Michael Crichton, An Alternate Obituary

Michael Crichton, author, died from cancer yesterday, November 4, 2008. Crichton was born in Chicago in 1942. He graduated from Harvard University, and later Harvard Medical School. He wrote his way through school as a peddler of trashy paperback adventures under various pseuodnyms. Eventually, he developed a unique style that played only-slightly-fictionalized cutting-edge technology (and consistently a decade ahead of the mainstream in that regard) against our deepest fears in the name of high-concept fiction, in books which often read like dialog-filled operations manuals.

Crichton was an instant Hollywood darling. For over three decades, everything he wrote was adapted for the big screen, often with tremendous success. He wrote, produced, and directed, movies and television, pioneered visual effects, developed video games, and more. Crichton was a unique voice. His style has never been imitated and his omnimedia success has never been matched.

The Personal Angle

After initially being shut out of Jurassic Park the film (thanks, Mom), I picked up the book at the library, then quickly devoured everything else Crichton had to offer. Jeremy picked up on this soon after, and took it to greater heights, reseaching (and later collecting) every edition of every book, article, and film, he had anything to do with. I do believe, and don't feel I am overstating this in the least, that Jeremy is (or was at one time) the world's greatest authority on all things Michael Crichton.

In December 2006, on a trip to Phoenix, Jeremy and I constructed the Michael Crichton Information Page, a single-page data dump on the author. This became the Michael Crichton Collector's Site and then crichton.org. Beyond the wealth of information the sites contained, they had a unique feature: Crichton would offer a clever quip when you mouse-overed his image on the front page. The following messages were manually changed from time time, but later, through the wonders of PHP, rotated on each page visit.

Jeremy was also active on the alt.books.crichton Usenet newsgroup for some time, and not just under his own identity. He created a character named SalaS to provide some anonimity. Eventually, in an homage to the "Moonkids" personality that trolled the Smashing Pumpkins newsgroup, he created an antagonistic character called Slotnick who never saw the light of day, fortunately.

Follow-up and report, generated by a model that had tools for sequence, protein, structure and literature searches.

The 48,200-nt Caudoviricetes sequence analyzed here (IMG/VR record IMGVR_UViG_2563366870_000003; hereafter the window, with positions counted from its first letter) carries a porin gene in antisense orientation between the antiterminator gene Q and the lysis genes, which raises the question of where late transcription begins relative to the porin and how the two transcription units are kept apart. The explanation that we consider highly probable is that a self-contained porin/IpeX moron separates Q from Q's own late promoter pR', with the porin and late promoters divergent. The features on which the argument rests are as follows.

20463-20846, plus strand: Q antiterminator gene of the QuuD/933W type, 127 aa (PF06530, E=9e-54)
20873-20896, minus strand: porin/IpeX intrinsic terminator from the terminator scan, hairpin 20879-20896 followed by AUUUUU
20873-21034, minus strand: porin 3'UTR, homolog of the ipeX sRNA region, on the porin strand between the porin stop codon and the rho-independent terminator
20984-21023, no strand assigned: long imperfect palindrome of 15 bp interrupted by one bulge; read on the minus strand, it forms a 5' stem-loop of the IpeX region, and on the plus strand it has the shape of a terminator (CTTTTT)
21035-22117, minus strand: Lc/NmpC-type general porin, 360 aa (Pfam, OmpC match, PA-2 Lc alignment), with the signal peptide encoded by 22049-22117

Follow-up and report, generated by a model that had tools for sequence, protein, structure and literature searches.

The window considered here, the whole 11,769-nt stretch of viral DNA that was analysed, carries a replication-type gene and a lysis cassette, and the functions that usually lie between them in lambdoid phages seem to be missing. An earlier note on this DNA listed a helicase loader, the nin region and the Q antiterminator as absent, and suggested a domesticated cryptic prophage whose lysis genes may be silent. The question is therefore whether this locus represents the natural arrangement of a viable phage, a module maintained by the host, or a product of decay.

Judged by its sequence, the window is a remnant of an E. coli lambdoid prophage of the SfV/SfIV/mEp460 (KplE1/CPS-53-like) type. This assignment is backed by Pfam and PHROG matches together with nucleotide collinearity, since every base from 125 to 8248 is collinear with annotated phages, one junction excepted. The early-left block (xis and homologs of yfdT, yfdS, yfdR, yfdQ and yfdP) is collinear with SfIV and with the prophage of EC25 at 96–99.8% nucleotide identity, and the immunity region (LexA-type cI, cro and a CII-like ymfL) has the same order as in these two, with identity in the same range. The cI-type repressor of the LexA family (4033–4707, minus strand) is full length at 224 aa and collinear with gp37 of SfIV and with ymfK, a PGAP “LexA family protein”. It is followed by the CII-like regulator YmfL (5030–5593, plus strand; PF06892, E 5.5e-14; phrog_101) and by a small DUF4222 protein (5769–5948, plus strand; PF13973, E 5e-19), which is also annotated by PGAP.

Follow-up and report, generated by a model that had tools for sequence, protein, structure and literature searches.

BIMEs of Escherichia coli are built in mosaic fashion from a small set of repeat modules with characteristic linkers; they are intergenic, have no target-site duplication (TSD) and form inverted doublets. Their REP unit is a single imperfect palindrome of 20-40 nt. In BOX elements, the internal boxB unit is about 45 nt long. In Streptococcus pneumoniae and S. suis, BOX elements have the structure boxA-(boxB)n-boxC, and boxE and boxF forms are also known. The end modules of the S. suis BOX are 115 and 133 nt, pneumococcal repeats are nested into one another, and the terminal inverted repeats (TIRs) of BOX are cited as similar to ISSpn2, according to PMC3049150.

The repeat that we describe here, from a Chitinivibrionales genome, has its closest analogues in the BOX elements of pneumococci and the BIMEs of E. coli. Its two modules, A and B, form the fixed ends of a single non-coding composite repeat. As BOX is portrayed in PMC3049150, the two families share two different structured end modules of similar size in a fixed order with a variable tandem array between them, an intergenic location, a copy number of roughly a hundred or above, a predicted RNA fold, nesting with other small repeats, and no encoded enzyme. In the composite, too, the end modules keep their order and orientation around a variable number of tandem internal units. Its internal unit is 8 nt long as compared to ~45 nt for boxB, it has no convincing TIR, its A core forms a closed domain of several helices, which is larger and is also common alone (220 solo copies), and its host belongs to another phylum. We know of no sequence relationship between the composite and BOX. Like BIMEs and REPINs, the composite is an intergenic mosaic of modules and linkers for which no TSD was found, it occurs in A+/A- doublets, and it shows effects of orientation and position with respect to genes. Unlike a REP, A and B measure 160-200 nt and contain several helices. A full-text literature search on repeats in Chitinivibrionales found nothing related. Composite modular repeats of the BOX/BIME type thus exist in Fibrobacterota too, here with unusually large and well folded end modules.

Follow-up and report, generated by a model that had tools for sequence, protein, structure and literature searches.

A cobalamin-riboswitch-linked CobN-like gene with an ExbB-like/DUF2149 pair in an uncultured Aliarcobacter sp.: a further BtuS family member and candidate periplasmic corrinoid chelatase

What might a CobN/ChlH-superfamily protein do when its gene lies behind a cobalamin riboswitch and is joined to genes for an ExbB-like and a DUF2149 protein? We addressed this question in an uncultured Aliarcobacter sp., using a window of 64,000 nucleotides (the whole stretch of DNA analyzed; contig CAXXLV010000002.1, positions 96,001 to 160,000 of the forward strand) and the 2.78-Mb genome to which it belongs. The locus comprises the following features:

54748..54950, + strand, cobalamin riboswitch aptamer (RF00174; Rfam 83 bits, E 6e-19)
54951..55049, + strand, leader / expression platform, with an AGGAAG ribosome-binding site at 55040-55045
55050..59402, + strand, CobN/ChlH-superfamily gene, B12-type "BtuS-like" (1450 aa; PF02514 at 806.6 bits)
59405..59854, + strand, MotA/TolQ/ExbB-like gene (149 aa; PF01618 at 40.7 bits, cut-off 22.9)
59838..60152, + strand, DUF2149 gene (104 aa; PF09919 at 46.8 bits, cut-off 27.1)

Jeremy and I spent quite a lot of time cruising greater Phoenix area used bookstores in search of neglected special editions and paperbacks, that could be often had for pennies, but sold online for significantly more (this was in the days when Amazon.com had a text-based front page with a green logo). Exploring the old films, especially the made-for-TV films (all spectacular, for better or worse), introduced us to great actors like Donald Sutherland and Ben Gazarra. We noted Crichton's penchant for gratutitous nudity in all his visual works. The year 1998, in particular, was marked by the heated anticipation for the film adaption of Jeremy's favorite book, Sphere, which had taken eleven years to make it to the big screen. The way the book was adapted and visualized was debated long and hard.

Eventually, we both moved on to other pursuits. Nevertheless, Crichton carries fond memories of shared experiences and the shared language of his writings. He will be missed.


Brock said...

Crichton was a unique voice in literature. I admire him more for his conceptual abilities and less for his literary prowess. Like Steven King, he was much better at providing unique "what if...?" ideas than actual, enduring works of fiction. That may seem like a backhanded complement, but coming from a screenwriter, it is actually some of the highest praise.

I'm like you two...when Jurassic Park first came out, I devoured the book. I read it twice in a matter of a week or two. I moved on to Congo next. I never got around to his other works though because my last fling with Crichton came with Airframe. I thought the concept was brilliant, but I hated the book at the time. It was just waaaaay too technical, even for Crichton. In retrospect, I am thinking about revisiting it, because I might now love it.

I've always had mixed feelings for Crichton. I thought he was brilliant and I also thought he was horrible. He was like a bad relationship that had great sparks. I know people have their own candidates for the best mainstream authors of all time...Grisham, Clancy, King...but my vote goes to Crichton in light of his death. Even King couldn't touch his conceptual abilities. Grisham lacked his charisma. Clancy always had the over 40 market cornered, whereas Crichton reached everyone. He was the best. There hasn't been a writer yet with just the right number of elements at play like him...

Joshua Provost said...

Yeh, I think you just totally nailed Crichton. I'm a big fan, but I feel the same way.